Spoiler Free Summary: Demon Slayer Volume 22 by Koyoharu Gotouge is the twenty-second and penultimate volume in the Demon Slayer manga. Everyone who has an ounce of energy is doing their all against Muzan Kibutsuji, but many have already died, and most of the rest are inches from death. Tanjiro is somehow still standing, and a connection to his ancestor may provide the key to finding some way to win.

Character: The pace of the last three manga make this a hard thing to evaluate. I don’t know that the characters evolve so much as fill their potential. It’s satisfying to see everyone come into their own, but here at the climax, the focus is on winning the fight. There is development, but it’s more relevant in a different section.

Exposition: This volume follows the same pattern as the issue before (and the one that follows). Everything has come to a head. We might get a pice of information here or there to set a bit of context, but that’s it. When evaluating exposition, the best way to do it is to ask yourself if the story is moving or if you’re getting an information dump. Another way to evaluate it (especially as a reader) is to see if you’re turning the pages quickly or slowly. Slow page turning usually means focused reading. These pages flew by.

Worldbuilding: This is where the pieces of Tanjiro’s ancestry come together. The complete picture isn’t as satisfying as say, the plot reveal in a great mystery, but it still establishes how things have been building and what they’ve been building to. So while it’s not the most satisfying revelation, it’s still a cool connection of the plot elements we’ve seen for the last eight or so issues.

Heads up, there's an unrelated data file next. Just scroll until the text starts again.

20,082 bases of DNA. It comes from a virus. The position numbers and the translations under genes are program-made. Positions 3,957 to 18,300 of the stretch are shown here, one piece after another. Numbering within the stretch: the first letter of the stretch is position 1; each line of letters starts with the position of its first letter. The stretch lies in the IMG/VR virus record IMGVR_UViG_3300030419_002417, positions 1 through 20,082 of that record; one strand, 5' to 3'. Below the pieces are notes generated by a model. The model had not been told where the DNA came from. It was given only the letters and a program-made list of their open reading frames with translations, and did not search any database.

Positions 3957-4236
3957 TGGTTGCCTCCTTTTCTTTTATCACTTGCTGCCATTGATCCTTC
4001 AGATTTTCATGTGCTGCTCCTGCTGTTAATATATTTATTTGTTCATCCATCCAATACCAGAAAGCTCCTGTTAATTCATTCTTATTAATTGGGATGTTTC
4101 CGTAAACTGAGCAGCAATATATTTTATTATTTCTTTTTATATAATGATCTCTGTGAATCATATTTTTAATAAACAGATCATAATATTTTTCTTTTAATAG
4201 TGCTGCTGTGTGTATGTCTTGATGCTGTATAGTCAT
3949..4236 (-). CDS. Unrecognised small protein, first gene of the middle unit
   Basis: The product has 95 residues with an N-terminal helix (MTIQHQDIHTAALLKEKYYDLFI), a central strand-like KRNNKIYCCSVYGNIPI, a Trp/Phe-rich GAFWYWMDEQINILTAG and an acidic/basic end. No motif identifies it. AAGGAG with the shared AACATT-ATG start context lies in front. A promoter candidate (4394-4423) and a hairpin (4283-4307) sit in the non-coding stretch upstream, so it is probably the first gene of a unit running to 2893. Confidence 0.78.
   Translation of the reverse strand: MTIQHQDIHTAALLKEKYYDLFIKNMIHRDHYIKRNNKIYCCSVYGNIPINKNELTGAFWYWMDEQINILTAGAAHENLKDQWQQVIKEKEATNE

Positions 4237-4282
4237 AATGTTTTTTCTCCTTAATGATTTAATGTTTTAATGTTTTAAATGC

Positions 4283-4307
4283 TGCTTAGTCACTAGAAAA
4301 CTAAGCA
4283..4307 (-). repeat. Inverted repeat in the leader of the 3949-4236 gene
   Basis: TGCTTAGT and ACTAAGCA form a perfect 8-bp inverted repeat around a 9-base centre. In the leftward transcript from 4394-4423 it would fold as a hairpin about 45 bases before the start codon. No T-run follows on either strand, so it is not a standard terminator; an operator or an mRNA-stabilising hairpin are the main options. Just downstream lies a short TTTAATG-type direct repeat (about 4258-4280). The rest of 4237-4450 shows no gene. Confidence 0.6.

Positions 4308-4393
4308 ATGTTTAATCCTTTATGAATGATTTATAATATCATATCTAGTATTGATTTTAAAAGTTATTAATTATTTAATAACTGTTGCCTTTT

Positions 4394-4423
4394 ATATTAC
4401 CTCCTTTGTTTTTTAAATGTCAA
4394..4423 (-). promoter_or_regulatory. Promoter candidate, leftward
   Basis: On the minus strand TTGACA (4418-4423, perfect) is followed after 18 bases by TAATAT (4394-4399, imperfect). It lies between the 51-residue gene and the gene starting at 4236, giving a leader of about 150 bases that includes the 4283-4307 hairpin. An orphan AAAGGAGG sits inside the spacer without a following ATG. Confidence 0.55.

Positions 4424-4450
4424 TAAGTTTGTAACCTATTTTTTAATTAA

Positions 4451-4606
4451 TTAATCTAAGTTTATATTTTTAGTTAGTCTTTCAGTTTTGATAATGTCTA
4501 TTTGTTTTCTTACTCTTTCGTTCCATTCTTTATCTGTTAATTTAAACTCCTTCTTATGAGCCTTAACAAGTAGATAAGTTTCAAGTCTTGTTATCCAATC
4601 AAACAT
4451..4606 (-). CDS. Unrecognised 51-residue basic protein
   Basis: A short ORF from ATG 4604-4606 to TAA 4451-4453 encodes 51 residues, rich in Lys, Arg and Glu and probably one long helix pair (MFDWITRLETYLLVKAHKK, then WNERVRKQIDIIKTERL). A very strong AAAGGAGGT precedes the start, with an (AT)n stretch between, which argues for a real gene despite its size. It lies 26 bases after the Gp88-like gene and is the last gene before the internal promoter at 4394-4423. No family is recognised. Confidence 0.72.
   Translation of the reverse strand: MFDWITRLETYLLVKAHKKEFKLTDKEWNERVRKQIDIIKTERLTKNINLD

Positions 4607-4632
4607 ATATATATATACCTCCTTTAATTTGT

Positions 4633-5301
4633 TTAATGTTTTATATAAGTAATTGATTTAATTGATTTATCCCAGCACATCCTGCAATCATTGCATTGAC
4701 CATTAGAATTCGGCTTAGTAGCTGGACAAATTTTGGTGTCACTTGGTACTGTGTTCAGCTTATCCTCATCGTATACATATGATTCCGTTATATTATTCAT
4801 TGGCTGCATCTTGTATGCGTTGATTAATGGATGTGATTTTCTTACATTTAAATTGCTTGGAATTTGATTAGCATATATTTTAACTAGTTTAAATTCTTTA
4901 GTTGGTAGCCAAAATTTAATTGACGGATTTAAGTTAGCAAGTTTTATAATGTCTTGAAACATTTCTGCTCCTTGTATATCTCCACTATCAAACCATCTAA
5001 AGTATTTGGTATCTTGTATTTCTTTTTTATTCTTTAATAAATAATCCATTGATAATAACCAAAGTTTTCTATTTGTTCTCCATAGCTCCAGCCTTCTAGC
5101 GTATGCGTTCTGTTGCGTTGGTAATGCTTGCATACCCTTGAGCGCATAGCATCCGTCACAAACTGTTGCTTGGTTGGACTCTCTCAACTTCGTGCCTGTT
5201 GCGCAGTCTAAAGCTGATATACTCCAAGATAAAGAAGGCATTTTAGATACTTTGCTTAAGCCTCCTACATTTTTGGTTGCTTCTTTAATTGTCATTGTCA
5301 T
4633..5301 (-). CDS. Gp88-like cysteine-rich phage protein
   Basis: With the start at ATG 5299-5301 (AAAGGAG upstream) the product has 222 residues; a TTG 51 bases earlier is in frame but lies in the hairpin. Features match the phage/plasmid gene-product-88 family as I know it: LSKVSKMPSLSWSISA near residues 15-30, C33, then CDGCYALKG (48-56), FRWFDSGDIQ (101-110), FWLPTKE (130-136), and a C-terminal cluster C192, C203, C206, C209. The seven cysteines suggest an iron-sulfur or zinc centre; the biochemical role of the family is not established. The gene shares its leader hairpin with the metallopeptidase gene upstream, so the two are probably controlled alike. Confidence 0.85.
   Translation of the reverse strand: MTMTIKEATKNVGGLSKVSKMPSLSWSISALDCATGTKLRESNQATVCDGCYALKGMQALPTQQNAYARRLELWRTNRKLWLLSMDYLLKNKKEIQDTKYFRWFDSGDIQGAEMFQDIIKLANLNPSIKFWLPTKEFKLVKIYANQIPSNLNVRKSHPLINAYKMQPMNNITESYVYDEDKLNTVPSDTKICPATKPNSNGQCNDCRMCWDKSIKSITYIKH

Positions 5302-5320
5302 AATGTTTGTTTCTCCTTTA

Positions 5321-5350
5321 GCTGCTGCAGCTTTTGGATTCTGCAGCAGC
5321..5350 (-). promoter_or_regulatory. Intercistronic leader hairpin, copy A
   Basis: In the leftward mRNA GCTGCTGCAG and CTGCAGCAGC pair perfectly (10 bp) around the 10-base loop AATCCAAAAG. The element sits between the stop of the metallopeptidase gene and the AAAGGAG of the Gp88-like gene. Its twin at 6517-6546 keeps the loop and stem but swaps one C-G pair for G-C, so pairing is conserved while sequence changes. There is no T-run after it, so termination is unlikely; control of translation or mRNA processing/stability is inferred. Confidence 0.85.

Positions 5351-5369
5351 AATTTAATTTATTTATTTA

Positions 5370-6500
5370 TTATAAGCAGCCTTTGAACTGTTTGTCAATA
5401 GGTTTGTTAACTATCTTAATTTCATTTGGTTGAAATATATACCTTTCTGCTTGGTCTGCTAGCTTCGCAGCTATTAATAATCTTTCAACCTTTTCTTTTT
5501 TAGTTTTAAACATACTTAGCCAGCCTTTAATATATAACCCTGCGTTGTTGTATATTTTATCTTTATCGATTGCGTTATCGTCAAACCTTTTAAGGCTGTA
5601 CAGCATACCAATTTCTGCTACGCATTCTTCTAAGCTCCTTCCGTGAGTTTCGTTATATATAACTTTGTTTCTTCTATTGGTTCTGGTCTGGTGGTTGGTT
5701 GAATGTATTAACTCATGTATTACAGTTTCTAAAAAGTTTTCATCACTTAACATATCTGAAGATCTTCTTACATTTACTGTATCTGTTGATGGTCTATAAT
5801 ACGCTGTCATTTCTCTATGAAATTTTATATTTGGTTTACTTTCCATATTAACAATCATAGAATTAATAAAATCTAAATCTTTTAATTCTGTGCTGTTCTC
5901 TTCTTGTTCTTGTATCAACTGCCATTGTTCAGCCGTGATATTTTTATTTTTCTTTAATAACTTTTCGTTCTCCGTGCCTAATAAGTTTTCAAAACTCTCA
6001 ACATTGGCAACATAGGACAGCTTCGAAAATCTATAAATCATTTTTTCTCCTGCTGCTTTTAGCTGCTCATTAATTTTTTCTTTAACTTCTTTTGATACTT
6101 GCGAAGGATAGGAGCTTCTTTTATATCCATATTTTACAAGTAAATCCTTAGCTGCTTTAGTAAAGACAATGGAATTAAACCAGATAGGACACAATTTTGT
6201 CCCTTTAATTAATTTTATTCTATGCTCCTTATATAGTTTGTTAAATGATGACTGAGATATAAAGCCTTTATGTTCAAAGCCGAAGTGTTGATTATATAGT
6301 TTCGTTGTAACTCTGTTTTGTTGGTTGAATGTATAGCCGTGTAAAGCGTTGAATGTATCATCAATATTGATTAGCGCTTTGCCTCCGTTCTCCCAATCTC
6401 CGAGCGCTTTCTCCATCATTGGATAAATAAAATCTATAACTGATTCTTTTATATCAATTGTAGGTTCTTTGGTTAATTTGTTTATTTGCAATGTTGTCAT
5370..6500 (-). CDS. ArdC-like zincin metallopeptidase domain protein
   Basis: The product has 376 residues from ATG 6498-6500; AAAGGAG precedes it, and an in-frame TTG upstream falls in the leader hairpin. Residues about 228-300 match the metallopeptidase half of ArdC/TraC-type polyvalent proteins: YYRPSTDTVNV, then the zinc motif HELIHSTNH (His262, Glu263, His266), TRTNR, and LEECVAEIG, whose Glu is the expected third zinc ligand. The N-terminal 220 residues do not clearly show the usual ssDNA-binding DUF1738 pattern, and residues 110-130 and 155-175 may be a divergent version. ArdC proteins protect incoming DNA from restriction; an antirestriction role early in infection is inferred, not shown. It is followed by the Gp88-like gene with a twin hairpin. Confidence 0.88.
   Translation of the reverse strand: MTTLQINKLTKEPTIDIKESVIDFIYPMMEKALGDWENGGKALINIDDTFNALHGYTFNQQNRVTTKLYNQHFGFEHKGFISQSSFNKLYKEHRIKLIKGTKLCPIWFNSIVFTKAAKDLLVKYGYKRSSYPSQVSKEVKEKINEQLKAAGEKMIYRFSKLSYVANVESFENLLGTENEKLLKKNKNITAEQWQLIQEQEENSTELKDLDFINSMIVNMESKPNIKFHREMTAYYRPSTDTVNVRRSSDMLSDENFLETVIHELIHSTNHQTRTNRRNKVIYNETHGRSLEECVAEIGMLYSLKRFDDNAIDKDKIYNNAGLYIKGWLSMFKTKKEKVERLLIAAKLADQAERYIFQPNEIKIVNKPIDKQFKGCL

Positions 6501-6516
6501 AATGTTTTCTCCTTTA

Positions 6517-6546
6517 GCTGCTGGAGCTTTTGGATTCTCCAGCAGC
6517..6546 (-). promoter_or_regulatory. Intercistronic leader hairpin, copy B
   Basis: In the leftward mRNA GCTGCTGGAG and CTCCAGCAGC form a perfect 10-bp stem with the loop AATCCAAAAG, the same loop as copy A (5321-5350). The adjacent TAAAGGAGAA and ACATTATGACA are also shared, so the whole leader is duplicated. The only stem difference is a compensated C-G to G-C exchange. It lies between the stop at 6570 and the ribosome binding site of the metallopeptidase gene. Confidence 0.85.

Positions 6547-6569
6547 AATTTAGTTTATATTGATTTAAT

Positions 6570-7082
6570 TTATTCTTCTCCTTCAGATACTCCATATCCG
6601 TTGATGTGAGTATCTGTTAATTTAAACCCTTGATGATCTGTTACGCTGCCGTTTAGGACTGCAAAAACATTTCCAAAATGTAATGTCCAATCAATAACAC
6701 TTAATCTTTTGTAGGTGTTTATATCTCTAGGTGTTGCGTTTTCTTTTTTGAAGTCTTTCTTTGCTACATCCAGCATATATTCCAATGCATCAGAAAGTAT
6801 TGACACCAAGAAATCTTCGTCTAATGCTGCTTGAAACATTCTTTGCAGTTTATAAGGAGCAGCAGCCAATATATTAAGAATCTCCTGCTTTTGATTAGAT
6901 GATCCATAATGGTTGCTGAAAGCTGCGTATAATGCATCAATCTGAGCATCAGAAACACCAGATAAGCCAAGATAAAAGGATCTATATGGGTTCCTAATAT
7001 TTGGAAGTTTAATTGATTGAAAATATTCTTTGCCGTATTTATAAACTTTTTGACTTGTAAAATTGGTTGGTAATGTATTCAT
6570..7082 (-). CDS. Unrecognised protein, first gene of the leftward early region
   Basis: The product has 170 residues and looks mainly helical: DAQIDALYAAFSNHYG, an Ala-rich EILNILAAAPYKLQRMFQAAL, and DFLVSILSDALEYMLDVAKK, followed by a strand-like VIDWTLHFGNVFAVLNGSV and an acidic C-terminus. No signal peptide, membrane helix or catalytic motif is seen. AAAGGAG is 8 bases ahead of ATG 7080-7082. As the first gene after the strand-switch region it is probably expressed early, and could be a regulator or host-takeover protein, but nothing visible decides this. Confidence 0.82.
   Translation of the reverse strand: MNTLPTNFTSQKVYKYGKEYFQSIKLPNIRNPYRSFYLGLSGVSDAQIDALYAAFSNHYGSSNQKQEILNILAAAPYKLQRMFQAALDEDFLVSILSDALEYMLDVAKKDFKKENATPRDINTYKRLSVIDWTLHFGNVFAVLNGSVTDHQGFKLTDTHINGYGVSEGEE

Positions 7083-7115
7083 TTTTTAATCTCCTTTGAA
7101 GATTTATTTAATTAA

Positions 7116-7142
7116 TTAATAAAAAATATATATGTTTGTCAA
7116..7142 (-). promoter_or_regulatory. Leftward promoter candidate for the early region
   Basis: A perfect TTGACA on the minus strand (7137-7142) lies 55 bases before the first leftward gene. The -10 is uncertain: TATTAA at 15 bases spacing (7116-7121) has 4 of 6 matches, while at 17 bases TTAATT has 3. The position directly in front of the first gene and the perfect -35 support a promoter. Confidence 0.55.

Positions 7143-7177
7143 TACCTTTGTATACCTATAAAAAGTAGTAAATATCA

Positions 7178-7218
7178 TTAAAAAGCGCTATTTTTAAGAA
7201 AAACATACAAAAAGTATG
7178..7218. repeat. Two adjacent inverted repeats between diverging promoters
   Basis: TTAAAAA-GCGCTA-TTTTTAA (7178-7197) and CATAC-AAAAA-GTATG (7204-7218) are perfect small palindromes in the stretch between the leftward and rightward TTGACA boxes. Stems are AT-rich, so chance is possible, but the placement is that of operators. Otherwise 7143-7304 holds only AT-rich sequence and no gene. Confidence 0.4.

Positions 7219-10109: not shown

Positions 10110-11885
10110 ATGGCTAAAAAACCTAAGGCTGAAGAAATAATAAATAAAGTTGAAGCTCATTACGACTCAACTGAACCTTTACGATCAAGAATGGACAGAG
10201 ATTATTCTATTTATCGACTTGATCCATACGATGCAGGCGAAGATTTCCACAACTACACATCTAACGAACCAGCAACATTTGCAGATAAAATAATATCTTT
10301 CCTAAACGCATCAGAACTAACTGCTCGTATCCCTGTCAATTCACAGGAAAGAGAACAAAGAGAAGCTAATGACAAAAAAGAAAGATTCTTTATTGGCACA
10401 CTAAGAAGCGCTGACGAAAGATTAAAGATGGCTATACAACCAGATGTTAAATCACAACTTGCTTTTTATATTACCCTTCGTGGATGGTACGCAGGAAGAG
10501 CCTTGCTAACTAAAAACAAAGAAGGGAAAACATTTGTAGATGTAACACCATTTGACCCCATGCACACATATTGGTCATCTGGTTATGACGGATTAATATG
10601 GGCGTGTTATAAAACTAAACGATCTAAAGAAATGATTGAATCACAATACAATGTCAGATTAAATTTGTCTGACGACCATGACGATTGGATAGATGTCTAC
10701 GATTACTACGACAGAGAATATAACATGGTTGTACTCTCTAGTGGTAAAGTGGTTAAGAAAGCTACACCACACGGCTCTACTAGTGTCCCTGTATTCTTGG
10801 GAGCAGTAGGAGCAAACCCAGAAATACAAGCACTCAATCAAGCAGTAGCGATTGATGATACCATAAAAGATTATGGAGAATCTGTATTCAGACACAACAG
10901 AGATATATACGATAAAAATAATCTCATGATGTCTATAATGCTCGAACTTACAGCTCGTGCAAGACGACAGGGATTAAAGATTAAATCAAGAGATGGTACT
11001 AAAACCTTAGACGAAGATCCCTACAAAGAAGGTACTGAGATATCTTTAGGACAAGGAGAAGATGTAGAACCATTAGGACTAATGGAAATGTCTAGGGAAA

Dialogue: This falls back to the more normal style Gotouge uses. There’s a lot of, “Why aren’t you dead! I’ll kill you all!” If one were to say it was the weakest area of the story, I wouldn’t argue, but I also wouldn’t really care.

Description: The best storytellers create the illusion of failure. Most stories have the happy ending. Most stories have everything work out. Readers (and viewers) expect this, so it’s extremely hard to get the reader to think, “Wait, are they going to lose?” This volume leaves one more with a feeling of “Holy crap! They’re going to lose!” Maybe they do; you’ll have to read to find out. The point isn’t whether they win or lose; it’s making the reader wonder. Creating doubt in the reader is essential, and it’s that much more critical in anime. These comments are appropriate in this section because we see how the fight is going. The art shows just how bad things are. Everyone is holding on by a threat. Tanjiro himself already looks like a dead man walking. These fight sequences and the brief glimpses we have of the currently surviving cast members all create a heart-wrenching tension, and that’s what makes this particular manga stand out.

Overall: If I were teaching a class on plot progression, conflict, and making readers worry for the main characters, this volume would be a critical case study. Everything in this volume is critically balanced on a precipice between victory and defeat. It’s truly compelling. I’m honestly sad that the review for the last volume is next week. This is the volume that I had to wait for, and I had to wait a whole month for the next volume. It was torture! Don’t do it to yourself. Just grab the last ten volumes, sit down, and enjoy!

Thanks for reading,


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